Honestly there's nothing you can do if the dog has poor conformation. Lower protein food is in general a good idea as is supplementing with Cosequin or Dasuquin but all those will do is work to keep his joints a bit more comfortable.

Vitamin C, "bone broth" etc. all pointless, sorry.

That said, he's a 6 month old puppy and he does need to jump, run, and go up and down stairs to develop musculature properly. I don't know where this whole "keep puppy in a bubble for two years" thing started but it's way more harmful to a dog's development than normal puppy and young dog running and playing. Let him have fun and develop some strength- that's possibly the best thing you could possibly do for him.

by old shatterhand on 02 March 2020 - 11:03

Place him to good home, there is no hope for him. He will never come out of this, and thinking breeding, training, showing he is done will all of that.

by Rik on 02 March 2020 - 12:03

I saw this issue several times when showing ASL. I did see a few that were flat on their pasterns come up with age, 2 that finished AKC Championships, pasterns always looked "soft" even on the ones that came up.

lower protein may help, I knew one guy that built a run filled with sand to provide low impact surface and strengthen pasterns.

it's a heart breaker to see. I really don't think any of the "miracle" cures that were offered back then (of course by breeders who never had this in their line} ever worked.

they will improve some or they won't. I know that's not what you are hoping to hear, but that is pretty much what I have seen. and I have seen it pretty up close.

Hundmutter

by Hundmutter on 02 March 2020 - 13:03

I'm not sure what difference your Ortho specialist sees between 'down' and 'weak' ? Any pasterns at the wrong angle clearly have a genetic origin, and some dogs may have bone development / growth problems that force the foot into an inappropriate position; but it is also true that some dogs with very < weak > ones have seen some improvement as they have grown, particularly if the owner has made the effort to exercise them on a variety of surfaces, especially sand, to get the feet to flex properly. Swimming is good, also. I think the others are correct, sadly the dog is probably never going to be good enough in this regard for a successful Conformation Show career, and it is very possible he will never come right enough for a busy Working life either. But he can probably have a nice enough life as a companion / family dog. IF he does not get other things going wrong with his joints because of unusual pressure from not walking so well - I think your fears in this regard are justified, but time will tell. My mentor once produced a very odd GSD male who was different from the rest of his litter in that he had a normal size body but very short legs; and his pasterns were really down as part of this odd physique. [There was debate about whether he was an achondroplastic dwarf or whether for some reason he did not metabolise his nutrients properly and this was Ricketts.] His diet was changed to include raw minced beef, which she did not normally feed, and he was exposed to as much sunlight as possible. He had a lovely glossy coat but his legs did not improve hugely ! He would never have done a day's real work, nor won any beauty prizes, but he went to an owner who did not mind his odd looks and cosseting him a bit, and I believe he had a fairly normal life.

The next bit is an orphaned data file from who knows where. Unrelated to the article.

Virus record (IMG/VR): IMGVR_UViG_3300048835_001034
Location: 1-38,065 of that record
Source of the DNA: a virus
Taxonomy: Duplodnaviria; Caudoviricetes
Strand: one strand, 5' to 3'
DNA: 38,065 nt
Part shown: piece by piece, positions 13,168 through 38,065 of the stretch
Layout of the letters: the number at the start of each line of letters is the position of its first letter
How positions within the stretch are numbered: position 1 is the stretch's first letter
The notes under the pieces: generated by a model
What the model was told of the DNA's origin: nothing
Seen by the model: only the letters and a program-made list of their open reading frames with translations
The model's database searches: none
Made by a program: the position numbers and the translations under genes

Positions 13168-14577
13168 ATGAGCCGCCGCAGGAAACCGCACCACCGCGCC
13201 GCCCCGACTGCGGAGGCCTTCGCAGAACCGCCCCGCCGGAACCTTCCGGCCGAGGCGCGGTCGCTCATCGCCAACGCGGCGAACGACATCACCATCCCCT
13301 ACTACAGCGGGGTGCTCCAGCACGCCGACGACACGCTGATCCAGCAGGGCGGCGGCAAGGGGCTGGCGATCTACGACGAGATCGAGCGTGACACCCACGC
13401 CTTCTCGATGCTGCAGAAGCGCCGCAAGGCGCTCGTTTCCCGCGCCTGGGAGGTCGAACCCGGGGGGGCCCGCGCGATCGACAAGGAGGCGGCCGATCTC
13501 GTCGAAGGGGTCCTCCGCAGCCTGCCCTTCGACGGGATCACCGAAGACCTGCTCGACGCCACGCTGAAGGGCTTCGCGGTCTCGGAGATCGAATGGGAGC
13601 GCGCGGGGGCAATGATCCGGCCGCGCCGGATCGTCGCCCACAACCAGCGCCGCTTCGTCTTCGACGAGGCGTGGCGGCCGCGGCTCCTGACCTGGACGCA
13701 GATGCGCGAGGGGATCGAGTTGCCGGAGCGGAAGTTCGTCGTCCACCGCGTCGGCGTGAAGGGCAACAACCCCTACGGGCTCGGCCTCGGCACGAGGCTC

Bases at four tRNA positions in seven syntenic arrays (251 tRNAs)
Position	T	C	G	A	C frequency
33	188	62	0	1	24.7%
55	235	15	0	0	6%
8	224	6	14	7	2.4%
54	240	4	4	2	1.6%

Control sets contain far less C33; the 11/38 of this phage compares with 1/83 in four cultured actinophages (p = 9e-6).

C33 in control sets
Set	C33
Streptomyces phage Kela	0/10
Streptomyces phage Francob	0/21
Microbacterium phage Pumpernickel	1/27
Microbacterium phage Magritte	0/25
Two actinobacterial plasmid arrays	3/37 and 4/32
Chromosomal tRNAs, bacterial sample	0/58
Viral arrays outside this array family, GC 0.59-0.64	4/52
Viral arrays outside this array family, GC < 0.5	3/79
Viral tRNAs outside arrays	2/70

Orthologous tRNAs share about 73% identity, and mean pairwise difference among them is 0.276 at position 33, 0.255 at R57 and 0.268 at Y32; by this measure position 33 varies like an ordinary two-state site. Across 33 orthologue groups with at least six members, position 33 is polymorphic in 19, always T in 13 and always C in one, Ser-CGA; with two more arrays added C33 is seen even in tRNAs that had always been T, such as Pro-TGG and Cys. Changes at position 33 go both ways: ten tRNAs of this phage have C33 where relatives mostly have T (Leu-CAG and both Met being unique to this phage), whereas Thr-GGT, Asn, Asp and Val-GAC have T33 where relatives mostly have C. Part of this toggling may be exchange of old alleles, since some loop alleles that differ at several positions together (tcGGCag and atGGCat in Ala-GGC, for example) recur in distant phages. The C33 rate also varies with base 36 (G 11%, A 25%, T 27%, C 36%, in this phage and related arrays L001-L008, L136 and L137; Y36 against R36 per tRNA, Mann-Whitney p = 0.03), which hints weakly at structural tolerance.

by Rik on 02 March 2020 - 17:03


by xoxogsd on 03 March 2020 - 22:03

Thank you all for the advice!